21 February 2014

On being afraid to blog.


Back in December, amidst the Reddit stuff, I was getting my boyfriend to moderate my blog comments because a few nasties were coming over - readers from the mainstream media I guess. I saw comments saying I'm seeking attention through telling my story, that I am faking Ichthyosis, and that I'm ugly and I should kill myself. Not nice. And then he took the blows for me, being my virtual shield and deleting the comments he didn't want me to see.

There was one comment that I happened to see - thinking I was brave enough to deal at that stage. I let it through, because really, it was a reflection on them and not me. It was from 'Sandy':

"Here's something negative, but not what you expect. There's more to Carly than ichthyosis - but not much more. Take that away and she is one of the most simple-minded and boring people you are ever likely to meet, she is prone to weird obsession (Darren Hayes, Bob Evans) and talks almost exclusively about ichthyosis, because it's all she has going for her, she is literally one-dimensional. If she didn't have that, and you met her, you would just keep on walking, she is the cardboard of people. She whores herself to the media, but she is in fact incredibly dull and incredibly boring. I know her personally, I know what I'm talking about. This has just given her the fuel she needs to crap on about it for the rest of her life!!! A crusade nobody asked for."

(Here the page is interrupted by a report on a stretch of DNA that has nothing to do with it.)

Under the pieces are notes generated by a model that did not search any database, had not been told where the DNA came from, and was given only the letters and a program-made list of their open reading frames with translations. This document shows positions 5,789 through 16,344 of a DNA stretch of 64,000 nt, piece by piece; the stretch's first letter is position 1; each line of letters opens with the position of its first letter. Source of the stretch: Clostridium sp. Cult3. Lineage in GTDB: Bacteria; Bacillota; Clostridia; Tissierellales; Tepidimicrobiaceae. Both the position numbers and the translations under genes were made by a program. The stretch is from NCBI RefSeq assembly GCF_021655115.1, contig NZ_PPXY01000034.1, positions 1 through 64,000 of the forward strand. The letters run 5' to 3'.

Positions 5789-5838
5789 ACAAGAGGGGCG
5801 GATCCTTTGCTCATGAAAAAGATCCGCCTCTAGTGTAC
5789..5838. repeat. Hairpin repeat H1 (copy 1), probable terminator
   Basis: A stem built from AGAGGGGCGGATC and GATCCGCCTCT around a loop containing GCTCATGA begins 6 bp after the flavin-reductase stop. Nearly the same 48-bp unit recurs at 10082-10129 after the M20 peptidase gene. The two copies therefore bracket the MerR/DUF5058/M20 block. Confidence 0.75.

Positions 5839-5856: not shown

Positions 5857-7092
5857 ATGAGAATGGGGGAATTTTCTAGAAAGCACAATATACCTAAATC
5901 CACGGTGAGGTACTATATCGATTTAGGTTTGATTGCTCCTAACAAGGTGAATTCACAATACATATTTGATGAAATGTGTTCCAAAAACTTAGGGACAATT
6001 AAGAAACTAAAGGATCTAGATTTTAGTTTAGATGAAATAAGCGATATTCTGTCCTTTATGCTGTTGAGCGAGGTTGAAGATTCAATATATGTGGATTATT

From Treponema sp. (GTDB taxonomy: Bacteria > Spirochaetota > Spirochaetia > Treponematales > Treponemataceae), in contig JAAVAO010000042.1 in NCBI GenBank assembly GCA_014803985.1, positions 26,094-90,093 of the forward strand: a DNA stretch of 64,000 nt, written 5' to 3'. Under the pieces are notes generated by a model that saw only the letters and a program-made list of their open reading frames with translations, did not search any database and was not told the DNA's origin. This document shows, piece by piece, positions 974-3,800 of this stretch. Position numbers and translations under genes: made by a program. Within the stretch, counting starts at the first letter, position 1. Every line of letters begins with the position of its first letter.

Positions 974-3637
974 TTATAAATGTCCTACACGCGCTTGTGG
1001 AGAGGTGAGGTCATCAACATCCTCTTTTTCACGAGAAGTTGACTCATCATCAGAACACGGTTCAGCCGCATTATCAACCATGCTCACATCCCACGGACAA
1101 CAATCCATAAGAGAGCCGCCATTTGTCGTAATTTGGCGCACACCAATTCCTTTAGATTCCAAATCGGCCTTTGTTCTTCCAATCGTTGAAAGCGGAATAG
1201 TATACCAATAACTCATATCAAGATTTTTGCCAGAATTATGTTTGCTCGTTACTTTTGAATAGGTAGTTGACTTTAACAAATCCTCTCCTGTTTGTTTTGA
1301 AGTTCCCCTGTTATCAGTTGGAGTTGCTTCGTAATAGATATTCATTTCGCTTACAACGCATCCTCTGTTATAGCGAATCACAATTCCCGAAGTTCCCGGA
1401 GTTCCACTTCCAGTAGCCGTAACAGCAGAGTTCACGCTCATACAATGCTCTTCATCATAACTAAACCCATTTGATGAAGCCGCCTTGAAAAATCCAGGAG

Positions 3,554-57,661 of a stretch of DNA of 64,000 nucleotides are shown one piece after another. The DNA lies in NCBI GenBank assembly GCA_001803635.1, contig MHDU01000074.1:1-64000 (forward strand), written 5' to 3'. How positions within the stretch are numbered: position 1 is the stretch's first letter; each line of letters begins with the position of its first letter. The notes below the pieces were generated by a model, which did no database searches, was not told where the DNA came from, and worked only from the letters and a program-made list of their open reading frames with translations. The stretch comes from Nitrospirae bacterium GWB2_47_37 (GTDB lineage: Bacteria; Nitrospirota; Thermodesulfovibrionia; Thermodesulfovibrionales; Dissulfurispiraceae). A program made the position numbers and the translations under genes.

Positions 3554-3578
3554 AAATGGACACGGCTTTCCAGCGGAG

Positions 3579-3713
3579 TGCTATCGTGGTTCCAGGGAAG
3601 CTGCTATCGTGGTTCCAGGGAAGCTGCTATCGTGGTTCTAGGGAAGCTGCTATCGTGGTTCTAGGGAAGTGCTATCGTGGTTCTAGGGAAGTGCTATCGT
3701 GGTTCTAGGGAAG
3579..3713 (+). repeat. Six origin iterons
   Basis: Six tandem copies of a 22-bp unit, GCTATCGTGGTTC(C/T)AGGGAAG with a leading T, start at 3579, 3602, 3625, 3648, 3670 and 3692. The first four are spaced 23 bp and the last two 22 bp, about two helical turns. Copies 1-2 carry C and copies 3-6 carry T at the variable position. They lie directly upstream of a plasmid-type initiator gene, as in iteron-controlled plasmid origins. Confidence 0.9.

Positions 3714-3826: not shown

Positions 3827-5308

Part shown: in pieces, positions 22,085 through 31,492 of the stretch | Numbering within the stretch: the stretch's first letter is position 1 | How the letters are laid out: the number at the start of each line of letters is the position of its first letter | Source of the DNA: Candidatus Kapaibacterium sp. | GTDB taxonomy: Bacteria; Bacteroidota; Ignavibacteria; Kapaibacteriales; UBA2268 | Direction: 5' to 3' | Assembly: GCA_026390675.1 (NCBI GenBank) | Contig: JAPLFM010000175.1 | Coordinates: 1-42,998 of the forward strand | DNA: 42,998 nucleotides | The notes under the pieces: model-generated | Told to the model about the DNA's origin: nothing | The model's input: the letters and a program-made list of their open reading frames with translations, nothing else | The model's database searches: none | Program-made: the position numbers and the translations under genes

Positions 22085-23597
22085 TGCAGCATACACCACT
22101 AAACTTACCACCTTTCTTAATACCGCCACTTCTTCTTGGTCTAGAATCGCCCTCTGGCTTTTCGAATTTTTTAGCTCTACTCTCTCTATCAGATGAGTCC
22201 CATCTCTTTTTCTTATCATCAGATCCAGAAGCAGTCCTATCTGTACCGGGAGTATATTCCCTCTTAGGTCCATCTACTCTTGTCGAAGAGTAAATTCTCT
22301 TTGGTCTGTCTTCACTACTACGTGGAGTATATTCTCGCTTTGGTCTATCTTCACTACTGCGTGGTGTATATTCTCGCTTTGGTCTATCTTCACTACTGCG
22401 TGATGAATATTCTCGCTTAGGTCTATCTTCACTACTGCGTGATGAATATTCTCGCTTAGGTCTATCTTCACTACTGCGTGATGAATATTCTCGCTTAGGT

I tend to remember the hurtful comments far more than the thousands of lovely ones I've received. Stupid of me, really. The hatred from some anonymous comments sting, but words from some one who supposedly knows me seemed to cut deeper. It's weird hey? There has been people I know who tell me, face to face, they don't understand blogging, they don't understand the need for me to put my life out there. I've had performance appraisals in my day job. But a comment like this isn't like that. It's a judgement on personality - a comment on perceived blandness. Is blandness the trait we're most afraid of exhibiting?

I was wracking my brain to figure out who Sandy night be. I know a few Sandys in person, and I know they wouldn't waste their time leaving that comment. I figured Sandy is probably someone I met briefly at an event who caught me talking about what I'm passionate about, or who has summed me up from what I've spoken about on social media alone. The comment bugged me for a while - leaving me feeling a bit paranoid and worried that I just don't know enough. Maybe I am a bore? I jokingly replied that maybe I should be watching more quiz shows so I've got more than singers and Ichthyosis to talk about.

And then I told myself: Sandy's words and opinion should not matter, especially if they do know me and were not brave enough to say it to my face. And not everyone is going to like me or find me as interesting as I hope I am. Maybe I do piss people off for talking about what I'm passionate about. That's ok. And if Sandy and I do know each other in person, we probably aren't friends.

I met my lovely new friend Charlotte Lea who blogs at The Good Girl Confessional for dinner last month. She and I talked as much as each other - about blogging, disability, navigating airlines' special needs departments, love and why women tear other women down - especially when the ones being torn down are confident and happy. Charlotte wrote a post about that very topic. She has also received an email similar to the comment I received, from a person who claimed to know her, bringing down her happiness about being in love, plus a comment calling her a slut because she writes about sex over 40. She said, like me, that these sorts of personal attacks shocked her more than other blog comments she's received.